Partia brings Fire Emblem and low battery warnings to iOS.
With Fire Emblem: Awakening taking the handheld console world by storm, those of us with iDevices are left wondering: where’s our Fire Emblem? Despite the presence of quality tactical RPGs like Ravenmark and Battle for Wesnoth, no iOS game has fully captured the epic feel of that classic Nintendo series. Partia: The Broken Lineage comes the closest, creating both an admirable homage to Fire Emblem, and a fulfilling experience all its own.
Partia takes place on its eponymous continent, where two warring kingdoms—Gran and Anas—have been combined through a royal marriage. Although we enter Partia three generations after this union took place, disputes between the two lands remain frequent and bands of rebels continue to fight against it. Our hero, the younger brother of the current king and prince of Granas, finds himself fending off rebels and uncovering traitors to the crown within his own ranks. Partia follows the prince through many years of such challenges and ensuing battles, with seemingly unrelated encounters forming an image of discord, deceit, and grave danger at the heart of his kingdom.
These battles are the heart of Partia and make up each of its ongoing story chapters. In standard tactical RPG fashion, battles take place on large maps populated by organized groups of enemies, various types of terrain and buildings, and your own squads of knights. Characters move along grids, able to travel through teammates but not enemies, and with certain classes, like cavaliers, able to move farther than others, such as weighty axe units.
Encounters take place when you move a character to a space adjacent to an enemy (or farther for archers and mages) and choose to attack. Before an attack you’ll be provided an overview of your fighter’s stats and the opponent’s in order to gauge if an encounter is beneficial, based on their class, level, equipment, and location. Characters and opponents will almost always counterattack during encounters, forcing careful consideration before charging into a battle. Although the separate battle screens of most Fire Emblem games are not present here, characters still act out an attack or dodge animation to illustrate how the battle played out. Once all characters have acted or the phase is manually ended, the enemy squads receive a chance to move and attack, resulting in consistent back-and-forth turn-based encounters until all units—or the leader—are wiped out.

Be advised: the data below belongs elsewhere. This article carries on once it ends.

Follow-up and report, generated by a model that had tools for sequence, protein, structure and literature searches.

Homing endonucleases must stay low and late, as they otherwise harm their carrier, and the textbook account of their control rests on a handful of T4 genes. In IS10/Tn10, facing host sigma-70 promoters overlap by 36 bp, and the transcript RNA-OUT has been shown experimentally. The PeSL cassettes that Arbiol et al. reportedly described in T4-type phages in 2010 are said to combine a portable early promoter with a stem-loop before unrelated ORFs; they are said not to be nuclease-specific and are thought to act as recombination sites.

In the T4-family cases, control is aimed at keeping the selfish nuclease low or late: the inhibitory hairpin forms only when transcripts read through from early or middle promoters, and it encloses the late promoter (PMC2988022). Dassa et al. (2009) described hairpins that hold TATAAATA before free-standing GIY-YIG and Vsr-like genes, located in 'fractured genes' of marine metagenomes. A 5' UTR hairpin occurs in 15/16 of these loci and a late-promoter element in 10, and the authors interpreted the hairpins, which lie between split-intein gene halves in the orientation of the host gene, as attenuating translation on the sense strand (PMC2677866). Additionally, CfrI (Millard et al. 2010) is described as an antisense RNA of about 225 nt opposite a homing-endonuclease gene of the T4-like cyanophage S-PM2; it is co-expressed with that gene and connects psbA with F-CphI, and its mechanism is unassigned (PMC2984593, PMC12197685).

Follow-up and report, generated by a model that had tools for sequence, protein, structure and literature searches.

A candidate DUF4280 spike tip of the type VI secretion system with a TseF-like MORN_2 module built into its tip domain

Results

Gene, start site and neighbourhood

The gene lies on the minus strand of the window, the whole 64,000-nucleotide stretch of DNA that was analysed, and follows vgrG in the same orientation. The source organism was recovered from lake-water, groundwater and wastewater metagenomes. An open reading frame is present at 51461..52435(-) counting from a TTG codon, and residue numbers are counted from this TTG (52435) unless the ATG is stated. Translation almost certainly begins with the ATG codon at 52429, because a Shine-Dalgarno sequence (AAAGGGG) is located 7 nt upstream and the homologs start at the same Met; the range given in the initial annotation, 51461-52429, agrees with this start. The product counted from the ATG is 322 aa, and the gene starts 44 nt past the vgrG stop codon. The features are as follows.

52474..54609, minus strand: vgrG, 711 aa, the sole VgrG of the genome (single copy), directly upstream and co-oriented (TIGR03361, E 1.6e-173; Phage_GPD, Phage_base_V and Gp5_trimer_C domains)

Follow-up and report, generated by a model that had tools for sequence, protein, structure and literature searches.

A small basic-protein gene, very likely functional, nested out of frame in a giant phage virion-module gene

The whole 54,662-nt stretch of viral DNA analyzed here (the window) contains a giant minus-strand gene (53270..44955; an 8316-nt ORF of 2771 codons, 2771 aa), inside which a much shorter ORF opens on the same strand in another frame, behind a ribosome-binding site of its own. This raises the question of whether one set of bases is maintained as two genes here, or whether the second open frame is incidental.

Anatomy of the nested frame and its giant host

While Partia is technically a mobile game, its battles are anything but bite-sized. Each stage is an epic affair that requires thoughtful approach, use of choke points, and plenty of preparation. As in classic Fire Emblem titles, characters that die are lost forever, resulting in frequent stage restarts to prevent an untimely demise. Minor details like class skills, terrain bonuses, and items equipped can mean the difference between a two-hour victory or defeat. (There is a suspend option so you can return to a long-fought battle later, thankfully.) Between stages you’ll have a chance to purchase new weapons and items, recruit additional party members, and fight in the arena in order to gain additional levels and crowns (currency) for even more purchases.
These shop options are an important staple in any tactical RPG, but Partia‘s do leave something to be desired. The arena will tell you the estimated challenge of an opponent, but not their class—so you may blindly send an archer against an armored knight. Your squads do not heal after battle, and yet there is no way to heal them from the camp menu—you cannot sleep at the Inn (only recruit characters), nor can you use potions or healers’ staves from your own inventory. This means that every fight, both within story chapters and at the arena, begin with your characters’ health where it was last. This may add to Partia‘s difficulty, but without any difficulty options, every player experienced or not can find themselves trapped in a loop of needing to heal but being unable.
This is Partia‘s other great weakness: lack of appeal to newcomers. Even with its classic, simpler battle system, Partia is full of minute details and important information that players new to the genre will be unaware of. Without so much as a first battle tutorial or help menu, playing Fire Emblem or at least one other tactical RPG is almost a requirement before attempting to begin Partia.
Despite these weaker areas, Partia is a superb representation of the genre on iOS and likely one that will only continue to get better. Imago has already updated the game with fan requests, including a “fast” speed for battles and single tap option to reduce time spent in menus. Their love of the genre and desire to create a game worthy of being compared to Fire Emblem has done exactly that and more: it’s created a new series that deserves to be watched as it inevitably grows into something even greater.